The Linux NFC subsystem
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One Line Summary
Describing the new Linux Near Field Communication architecture, from kernel to userspace.
NFC (Near Field Communication) is a wireless protocol mostly designed for fast information reading and writing from nearby devices and tags. It also allows NFC devices to establish a transport layer link and exchange larger chunks of data.
While Android ships with its own multi platform NFC stack writing HCI frames to a raw character device, and supporting one single device, Linux is currently missing any kind of generic and clean NFC support, from both kernel and user space.
The idea would be to create a new socket family for NFC, along with a kernel netlink API for high level NFC commands passing. An NFC user space daemon will abstract those kernel APIs into a high level D-Bus API for applications to easily use.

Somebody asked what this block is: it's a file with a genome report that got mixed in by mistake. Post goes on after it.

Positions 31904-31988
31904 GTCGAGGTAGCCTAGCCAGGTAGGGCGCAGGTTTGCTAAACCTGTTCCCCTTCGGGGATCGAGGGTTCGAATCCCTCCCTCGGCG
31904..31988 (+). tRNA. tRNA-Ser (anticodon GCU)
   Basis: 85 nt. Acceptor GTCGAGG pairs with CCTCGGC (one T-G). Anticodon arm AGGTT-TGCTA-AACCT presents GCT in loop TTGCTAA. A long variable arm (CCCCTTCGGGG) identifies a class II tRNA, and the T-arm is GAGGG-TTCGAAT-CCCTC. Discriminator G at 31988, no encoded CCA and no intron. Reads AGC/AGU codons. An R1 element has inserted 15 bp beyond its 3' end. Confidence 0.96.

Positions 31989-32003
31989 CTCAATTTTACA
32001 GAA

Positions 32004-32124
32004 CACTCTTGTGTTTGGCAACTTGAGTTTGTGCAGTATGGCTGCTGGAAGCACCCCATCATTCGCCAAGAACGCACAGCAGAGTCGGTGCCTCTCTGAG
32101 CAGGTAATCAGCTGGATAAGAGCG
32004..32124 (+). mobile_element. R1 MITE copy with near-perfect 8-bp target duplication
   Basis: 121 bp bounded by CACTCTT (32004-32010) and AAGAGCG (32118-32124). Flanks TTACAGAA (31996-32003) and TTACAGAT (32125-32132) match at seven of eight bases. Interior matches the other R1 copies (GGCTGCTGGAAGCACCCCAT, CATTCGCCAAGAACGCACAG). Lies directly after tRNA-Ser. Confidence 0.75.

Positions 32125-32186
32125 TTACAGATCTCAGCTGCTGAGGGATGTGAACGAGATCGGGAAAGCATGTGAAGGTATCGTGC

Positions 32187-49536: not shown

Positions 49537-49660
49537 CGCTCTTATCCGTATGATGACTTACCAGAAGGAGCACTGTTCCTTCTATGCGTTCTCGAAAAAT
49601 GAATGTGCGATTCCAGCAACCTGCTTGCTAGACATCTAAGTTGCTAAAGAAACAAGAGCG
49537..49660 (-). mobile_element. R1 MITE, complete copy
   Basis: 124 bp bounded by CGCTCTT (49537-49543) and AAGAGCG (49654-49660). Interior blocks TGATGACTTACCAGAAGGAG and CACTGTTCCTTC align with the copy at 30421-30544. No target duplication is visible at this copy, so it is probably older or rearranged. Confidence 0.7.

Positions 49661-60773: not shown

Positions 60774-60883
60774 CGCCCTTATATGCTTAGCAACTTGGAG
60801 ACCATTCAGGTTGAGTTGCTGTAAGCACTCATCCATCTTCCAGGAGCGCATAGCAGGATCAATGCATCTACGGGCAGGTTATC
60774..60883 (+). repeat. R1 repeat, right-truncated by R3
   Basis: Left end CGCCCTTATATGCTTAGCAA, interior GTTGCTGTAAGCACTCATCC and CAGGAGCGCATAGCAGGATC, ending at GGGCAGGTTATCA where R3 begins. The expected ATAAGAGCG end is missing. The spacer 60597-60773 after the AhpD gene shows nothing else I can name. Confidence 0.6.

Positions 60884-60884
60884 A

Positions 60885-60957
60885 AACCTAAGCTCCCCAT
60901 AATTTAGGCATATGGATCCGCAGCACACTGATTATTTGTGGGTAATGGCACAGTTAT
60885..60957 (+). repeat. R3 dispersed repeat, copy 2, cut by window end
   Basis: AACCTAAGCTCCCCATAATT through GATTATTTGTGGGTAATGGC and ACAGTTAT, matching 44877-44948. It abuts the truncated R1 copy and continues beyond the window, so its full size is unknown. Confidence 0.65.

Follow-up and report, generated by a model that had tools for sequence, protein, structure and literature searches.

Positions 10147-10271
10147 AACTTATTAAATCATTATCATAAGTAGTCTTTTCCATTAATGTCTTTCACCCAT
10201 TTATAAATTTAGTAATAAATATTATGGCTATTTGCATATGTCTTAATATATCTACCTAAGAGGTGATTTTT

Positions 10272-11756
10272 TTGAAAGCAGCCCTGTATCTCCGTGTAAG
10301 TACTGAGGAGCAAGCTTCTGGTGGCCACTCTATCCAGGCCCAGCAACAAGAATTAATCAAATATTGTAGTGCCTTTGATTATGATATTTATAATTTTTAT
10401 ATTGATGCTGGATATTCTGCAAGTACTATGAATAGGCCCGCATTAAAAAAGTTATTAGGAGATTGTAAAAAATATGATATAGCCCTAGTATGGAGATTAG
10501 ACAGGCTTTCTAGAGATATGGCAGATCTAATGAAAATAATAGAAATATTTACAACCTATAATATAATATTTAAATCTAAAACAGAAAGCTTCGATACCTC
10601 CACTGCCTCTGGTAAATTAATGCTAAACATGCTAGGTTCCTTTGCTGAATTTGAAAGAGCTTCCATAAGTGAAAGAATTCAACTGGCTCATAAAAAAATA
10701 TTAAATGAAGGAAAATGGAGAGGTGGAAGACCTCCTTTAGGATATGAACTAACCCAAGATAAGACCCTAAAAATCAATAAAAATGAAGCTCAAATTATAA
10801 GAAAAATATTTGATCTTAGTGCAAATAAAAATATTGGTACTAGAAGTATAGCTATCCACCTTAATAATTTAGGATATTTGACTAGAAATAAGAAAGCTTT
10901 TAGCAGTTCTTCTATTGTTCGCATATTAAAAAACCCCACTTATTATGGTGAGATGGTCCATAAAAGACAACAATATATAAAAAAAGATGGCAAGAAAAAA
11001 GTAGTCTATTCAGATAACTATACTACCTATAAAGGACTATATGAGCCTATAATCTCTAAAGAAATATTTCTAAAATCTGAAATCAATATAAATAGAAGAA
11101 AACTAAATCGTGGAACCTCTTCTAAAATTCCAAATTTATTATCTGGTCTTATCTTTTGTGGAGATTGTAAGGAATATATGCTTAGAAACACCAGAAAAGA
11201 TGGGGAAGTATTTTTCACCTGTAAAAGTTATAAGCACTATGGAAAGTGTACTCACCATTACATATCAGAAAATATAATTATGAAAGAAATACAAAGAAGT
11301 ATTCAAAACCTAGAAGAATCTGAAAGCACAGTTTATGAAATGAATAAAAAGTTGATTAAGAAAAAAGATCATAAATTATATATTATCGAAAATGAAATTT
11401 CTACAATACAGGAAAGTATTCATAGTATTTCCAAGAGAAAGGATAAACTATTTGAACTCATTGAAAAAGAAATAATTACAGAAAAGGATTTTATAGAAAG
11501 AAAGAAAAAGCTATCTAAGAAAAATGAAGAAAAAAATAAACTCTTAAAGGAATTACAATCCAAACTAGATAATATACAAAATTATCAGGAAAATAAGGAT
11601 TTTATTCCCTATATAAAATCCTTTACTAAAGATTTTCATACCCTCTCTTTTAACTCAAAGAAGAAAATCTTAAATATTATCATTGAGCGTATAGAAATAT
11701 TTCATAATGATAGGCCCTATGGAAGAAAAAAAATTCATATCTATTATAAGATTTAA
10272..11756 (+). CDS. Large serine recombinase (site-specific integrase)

I will present the netlink and D-Bus APIs, the NFC daemon architecture and show how simple exchanging NFC data could then be. I will hopefully be able to demo this code against at least a few tags.
I am a software engineer for the Intel Open Source Technology Center, where I maintain the ConnMan connection manager. I am also the MFD and IrDA kernel subsystems maintainer.
Before working for Intel, I worked in many places around the globe, from SGI in California to Nokia in Finland.
When not writing code on emacs, I enjoy running through my dear Jura mountains, crashing R/C nitro cars and spending time with my wife and son.
Instituto Nokia de Tecnologia
I am a senior developer at Instituto Nokia de Tecnologia (INdT), where I develop the Linux NFC subsystem. Previously, I was a LLVM ARM backend developer and one of the Mamona project maintainers.